by — Evi Tselika

Public Works in the Chora of Nicosia

Evi Tselika

Public Works (Chora) is a platform initiated by Evi Tselika and Demetris Taliotis which aims to reflect and reconfigure the cultural understandings the Cypriot notion of public space and the engagement with it, beyond the confinements of an identity politics methodology. In July 2010 Public Works Nicosia took place in various spaces and places in the old town of Nicosia and in collaboration with Apotheke Contemporary Arts. It was a three-day creative exploration in public urban spaces through a roundtable, exhibitions, discussions and public workshops. It explored the notions of participation, space, social engagement and the arts in and through the Chora of Nicosia, at a point in time where contemporary art forms have developed into manifestations of littoral, conversational or dialogue based public art. This evokes inevitable discussions of how art practitioners, cultural producers, architects, historians, theorists – are responsible in shaping community and how visual language is used to interact not only with a highly charged public space but also with the variant publics that inhabits that space? Public Works Chora has also taken part in This Is Not A Gateway Festival, London October 2010, which brings together critically engaged emerging urbanists with a main point of reference being ‘the city’. LINK:

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1 In the Journal of Philosophy and Rhetoric, Issue 3, 2007

The platform of Public Works explored a ‘chora’ in Nicosia – over three days in July 2010, through collaborative creative happenings and critical reflection, the use of the locale public space and the concept of the social, the public through art. Looking through the layers of the city and critically reflecting upon the artistic interventions that occur in its chora, the notions and dynamics of the public sphere are highlighted and expose the diverse uses of art which have been driven by the Nicosia locale. The following narration of images were captured over the days that Public Works Nicosia took place. It aims to be a collaborative platform that brings into question the theoretical paradigms of social engagement through the arts and the importance of further developing the notion of such vocabulary within the Cypriot setting. IMAGE 01.jpg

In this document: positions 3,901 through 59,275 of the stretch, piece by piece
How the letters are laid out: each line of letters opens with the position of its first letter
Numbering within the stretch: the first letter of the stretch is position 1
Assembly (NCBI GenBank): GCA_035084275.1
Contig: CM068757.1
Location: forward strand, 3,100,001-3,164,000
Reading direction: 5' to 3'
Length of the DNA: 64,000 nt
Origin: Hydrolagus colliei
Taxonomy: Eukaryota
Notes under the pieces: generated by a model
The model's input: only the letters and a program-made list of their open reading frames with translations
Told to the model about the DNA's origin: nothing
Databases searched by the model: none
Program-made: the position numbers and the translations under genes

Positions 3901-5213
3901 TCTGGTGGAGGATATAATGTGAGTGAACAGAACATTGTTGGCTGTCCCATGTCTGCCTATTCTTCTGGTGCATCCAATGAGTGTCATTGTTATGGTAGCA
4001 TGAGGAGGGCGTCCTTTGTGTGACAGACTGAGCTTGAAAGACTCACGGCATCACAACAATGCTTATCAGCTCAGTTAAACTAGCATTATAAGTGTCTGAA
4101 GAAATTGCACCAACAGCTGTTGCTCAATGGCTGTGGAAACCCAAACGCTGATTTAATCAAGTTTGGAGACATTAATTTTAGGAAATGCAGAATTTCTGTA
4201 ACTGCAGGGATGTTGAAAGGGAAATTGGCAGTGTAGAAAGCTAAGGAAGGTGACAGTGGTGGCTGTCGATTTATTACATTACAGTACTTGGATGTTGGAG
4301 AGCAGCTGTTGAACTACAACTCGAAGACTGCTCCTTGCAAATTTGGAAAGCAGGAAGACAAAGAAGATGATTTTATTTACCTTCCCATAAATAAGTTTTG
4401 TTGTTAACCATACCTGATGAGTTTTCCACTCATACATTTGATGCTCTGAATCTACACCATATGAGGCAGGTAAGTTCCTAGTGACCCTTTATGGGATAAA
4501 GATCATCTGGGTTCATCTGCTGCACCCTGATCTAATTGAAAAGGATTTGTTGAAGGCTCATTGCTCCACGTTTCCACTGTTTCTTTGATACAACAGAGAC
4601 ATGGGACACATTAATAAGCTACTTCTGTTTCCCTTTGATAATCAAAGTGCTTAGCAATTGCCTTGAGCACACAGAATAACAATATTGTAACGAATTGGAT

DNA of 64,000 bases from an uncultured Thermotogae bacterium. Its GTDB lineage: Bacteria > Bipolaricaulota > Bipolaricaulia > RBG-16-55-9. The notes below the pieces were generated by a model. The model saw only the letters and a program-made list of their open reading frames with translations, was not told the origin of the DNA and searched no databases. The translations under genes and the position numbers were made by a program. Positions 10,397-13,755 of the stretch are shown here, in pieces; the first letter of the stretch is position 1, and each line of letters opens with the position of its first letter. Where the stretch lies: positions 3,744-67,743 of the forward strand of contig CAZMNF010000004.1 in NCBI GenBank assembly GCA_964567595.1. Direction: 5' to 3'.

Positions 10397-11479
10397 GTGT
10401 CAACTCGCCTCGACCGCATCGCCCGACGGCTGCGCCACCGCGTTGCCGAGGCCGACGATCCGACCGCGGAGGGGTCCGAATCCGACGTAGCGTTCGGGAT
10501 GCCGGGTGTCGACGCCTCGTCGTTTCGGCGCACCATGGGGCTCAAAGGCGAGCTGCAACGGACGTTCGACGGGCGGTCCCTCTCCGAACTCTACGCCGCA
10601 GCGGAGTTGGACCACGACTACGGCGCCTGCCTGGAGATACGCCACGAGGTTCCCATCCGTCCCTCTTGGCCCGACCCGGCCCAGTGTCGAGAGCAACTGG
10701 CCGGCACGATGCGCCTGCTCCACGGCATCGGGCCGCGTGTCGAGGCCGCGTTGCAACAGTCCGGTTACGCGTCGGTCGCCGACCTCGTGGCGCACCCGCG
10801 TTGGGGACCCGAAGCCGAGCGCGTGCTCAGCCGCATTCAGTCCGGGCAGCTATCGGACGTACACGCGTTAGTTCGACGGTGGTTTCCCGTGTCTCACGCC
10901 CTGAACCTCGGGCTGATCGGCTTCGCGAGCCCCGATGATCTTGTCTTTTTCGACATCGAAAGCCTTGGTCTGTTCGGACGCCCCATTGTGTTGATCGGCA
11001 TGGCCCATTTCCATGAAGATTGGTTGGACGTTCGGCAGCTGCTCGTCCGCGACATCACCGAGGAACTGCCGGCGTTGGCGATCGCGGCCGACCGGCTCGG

Discussing public art and its local and international interpretations in front of the ghost of the Big Mac and looking at variant monuments in the specified setting that narrate the transformative layers of identifying community. From traditional public monuments to contemporary public interventions, art has long been called upon to play a role in visualizing the ways in which personal and cultural feelings of belonging are generated, maintained, and ∆


Ermou Street that was once the river bed of the Pithkias and which formed a large proportion of the inner city buffer zone has been rendered in much contemporary Cypriot discourses as the river of memory through its multilayered narratives of history in the contested river pathway.